Code can refer to the value of f1 directly, but must use the “::” operator to obtain a reference to f2:

val f = ::f2

Null safe operators push me to write more extension functions

The null safe operators (?. and ?:) only help when dereferencing a nullable reference. When you have a nullable reference and want to pass a value (if it exists) to a function as a parameter, you have to use the awkward construct:

nullableThing?.let{ thing -> fn(thing, other, parameters) }

I find myself refactoring my functions to extension functions to reduce the syntactic noise, letting me rewrite the code above as:

nullableThing?.fn(other, parameters)

Is that a good thing? I’m not sure. Sometimes it feels a little forced.

Companion objects

Kotlin borrows the concept of companion objects from Scala. Why can’t classes be objects? Perhaps it’s a limitation of the JVM but compared to, say, Python, it feels clunky.


I only have a couple of frustrations with Kotlin.

Lack of polymorphism

Operators and the for loop are syntactic sugar that desugar to method calls. The methods are invoked statically and structurally — the target does not need to implement an interface that defines the method.

For example, a + b desugars to a.add(b). However, there’s no way to write a generic function that sums its parameters, because add is not defined on an interface that can be used as an upper bound.

There’s no way to define the following function for any type that has an add operator method.

fun <T> sum(T first, T second) : T = first + second

You would have to define overloads for different types, but then wouldn’t be able to call sum within a generic function.

fun sum(first: Int, second: Int) = first + second
fun sum(first: Long, second: Long) = first + second
fun sum(first: Double, second: Double)= first + second
fun sub(first: Matrix<Double>, second: Matrix<Double>)= first + second
fun sum(first: Money, second: Money)= first + second

That kind of duplication is what generics are meant to avoid!

Extension methods are also statically bound. That means you cannot write a generic function that calls an extension method on the value of a type parameter.

For example, the standard library defines the same extension methods on unrelated types — forEach, map, flatMap, fold, etc. But there is no concept of, for example, “mappable” or “foldable”. Nor is there a way of defining such a concept and applying it to existing types to allow you to write generic functions over unrelated types. Kotlin doesn’t have higher kinded types that would let you express this kind of generic function or type classes that would let you add polymorphism without modifying existing type definitions.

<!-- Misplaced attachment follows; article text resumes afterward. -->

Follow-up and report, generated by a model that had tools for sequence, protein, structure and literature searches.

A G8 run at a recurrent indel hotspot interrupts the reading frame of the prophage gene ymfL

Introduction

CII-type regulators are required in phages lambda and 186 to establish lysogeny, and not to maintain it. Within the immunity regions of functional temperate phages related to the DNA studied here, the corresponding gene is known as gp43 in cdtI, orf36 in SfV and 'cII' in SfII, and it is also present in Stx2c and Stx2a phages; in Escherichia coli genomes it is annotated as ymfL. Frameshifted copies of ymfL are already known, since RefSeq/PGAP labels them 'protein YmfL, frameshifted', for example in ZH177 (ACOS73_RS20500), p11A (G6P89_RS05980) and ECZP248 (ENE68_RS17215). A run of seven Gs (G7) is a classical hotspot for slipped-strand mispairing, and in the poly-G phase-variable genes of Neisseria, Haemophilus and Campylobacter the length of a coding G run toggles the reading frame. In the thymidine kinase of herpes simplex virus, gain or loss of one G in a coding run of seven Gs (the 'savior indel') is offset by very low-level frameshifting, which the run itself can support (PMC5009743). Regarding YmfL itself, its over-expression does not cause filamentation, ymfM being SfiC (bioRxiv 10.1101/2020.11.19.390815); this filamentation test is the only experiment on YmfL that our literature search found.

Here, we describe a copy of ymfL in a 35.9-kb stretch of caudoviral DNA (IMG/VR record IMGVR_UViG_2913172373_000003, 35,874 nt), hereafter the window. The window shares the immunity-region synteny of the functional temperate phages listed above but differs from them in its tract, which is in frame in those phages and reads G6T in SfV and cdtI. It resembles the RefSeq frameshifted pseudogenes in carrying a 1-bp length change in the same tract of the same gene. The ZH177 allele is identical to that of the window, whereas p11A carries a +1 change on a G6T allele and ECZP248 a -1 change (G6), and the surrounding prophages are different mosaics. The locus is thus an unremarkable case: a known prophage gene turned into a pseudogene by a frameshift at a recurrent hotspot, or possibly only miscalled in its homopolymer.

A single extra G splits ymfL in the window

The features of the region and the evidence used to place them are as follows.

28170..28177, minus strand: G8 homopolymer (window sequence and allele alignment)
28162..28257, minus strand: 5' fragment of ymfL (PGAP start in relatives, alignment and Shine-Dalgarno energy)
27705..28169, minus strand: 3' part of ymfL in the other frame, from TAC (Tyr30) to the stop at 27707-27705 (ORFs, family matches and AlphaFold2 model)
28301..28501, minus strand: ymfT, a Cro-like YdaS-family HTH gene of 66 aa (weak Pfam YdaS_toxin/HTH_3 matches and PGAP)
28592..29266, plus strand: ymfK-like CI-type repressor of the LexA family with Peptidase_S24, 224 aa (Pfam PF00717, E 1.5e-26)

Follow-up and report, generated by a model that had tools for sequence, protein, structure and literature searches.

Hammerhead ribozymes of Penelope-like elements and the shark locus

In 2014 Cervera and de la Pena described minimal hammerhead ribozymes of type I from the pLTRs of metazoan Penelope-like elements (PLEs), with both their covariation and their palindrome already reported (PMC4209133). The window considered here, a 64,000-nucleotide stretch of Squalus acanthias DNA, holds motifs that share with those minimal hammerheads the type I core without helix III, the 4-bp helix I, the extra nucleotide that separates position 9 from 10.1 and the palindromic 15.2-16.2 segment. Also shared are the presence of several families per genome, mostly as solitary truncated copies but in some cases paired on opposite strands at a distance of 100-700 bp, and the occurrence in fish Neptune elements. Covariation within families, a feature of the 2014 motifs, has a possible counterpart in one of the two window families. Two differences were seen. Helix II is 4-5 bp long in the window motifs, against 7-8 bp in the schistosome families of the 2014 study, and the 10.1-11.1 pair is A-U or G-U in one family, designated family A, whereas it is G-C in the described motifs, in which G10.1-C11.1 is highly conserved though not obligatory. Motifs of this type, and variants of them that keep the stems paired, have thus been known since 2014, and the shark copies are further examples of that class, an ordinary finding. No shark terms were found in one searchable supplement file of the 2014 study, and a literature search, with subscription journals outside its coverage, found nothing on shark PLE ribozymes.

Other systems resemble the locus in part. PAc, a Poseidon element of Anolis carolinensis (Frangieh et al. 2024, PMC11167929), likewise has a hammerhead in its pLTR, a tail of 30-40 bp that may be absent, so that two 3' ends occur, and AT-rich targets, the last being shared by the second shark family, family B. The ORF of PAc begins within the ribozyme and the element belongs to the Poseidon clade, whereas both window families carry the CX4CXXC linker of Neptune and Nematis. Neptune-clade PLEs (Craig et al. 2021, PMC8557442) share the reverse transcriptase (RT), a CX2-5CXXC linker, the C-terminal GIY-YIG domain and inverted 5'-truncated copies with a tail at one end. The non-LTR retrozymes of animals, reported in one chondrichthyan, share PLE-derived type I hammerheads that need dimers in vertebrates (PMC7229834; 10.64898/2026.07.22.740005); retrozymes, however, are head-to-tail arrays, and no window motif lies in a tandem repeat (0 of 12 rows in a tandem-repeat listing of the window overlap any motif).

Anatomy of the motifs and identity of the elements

Compared to Rust’s traits, which support extension methods, operator overloading, type classes for parametric polymorphism, and interfaces for subtype polymorphism, Kotlin’s monomorphic extension methods and operator overloading are quite limited and do not help refactor duplicated logic.

However, for typical monomorphic, procedural Java code this is probably not an issue.

Optionality is a Special Case

Kotlin’s support for nullable types is implemented by a special case in the type system and special case operators that only apply to nullable references. The operators do not desugar to methods that can be implemented for other types. For example, optionalThing?.foo can be considered a map of the function {thing -> thing.foo} over the option optionalThing. If foo itself is nullable, then it can be considered a flatMap. But the expressions do not desugar to map and flatMap And if you want to map or flatMap a function, you have to use a different syntax: optionalThing?.let(theFunction).

For typical Java code, which is monomorphic and uses null references with wild abandon, language support for nullability is invaluable. But I would find it more convenient if it could be used polymorphically, or if Kotlin used a common naming convention for optional and other functor types.

Null safety is not enforced when you interop with Java code. And you do that a lot. Kotlin doesn’t have many libraries or much of a runtime and makes it easy to call existing Java libraries directly. Kotlin expects you to know what you’re doing with respect to null references when calling Java code, and doesn’t force you to treat every value returned from Java as nullable. As a result, null safety is a bit of an illusion in a lot of our Kotlin code and it has come back to bite us.


The code we’ve been writing has been a mix of coordinating and piping data between existing Java libraries – Apache HTTP client, Undertow HTTP server, JDBC, Sesame, JSON and XML parsers, and so on – and algorithmic code that analyses human readable text. For that kind of work, Kotlin has been very useful. The Kotlin code is far more concise than the equivalent Java. In our domain models and algorithmic code, Kotlin’s type safety and especially null safety, has been a big help.

Exactly how happy we’ve been with Kotlin has depended on the design style of the code we’re writing:

For functional programming, Kotlin has occasionally been frustrating, because we cannot use parametric polymorphism to factor out duplicated logic as much as we’d like.

For object-oriented programming, Kotlin’s concise syntax for class definitions and language support for delegation avoids a lot of Java’s boilerplate.

However, most Java out there is monomorphic, procedural code moving data between “NOJOs” and APIs that expect objects to have “bean” getters and setters. Kotlin has made working with that kind of API much easier and far more concise than doing so in Java.

  1. As far as I can tell, RedHat sponsor development of Ceylon but do not actually use it to develop their own products. If I’m wrong, please let me know in the comments.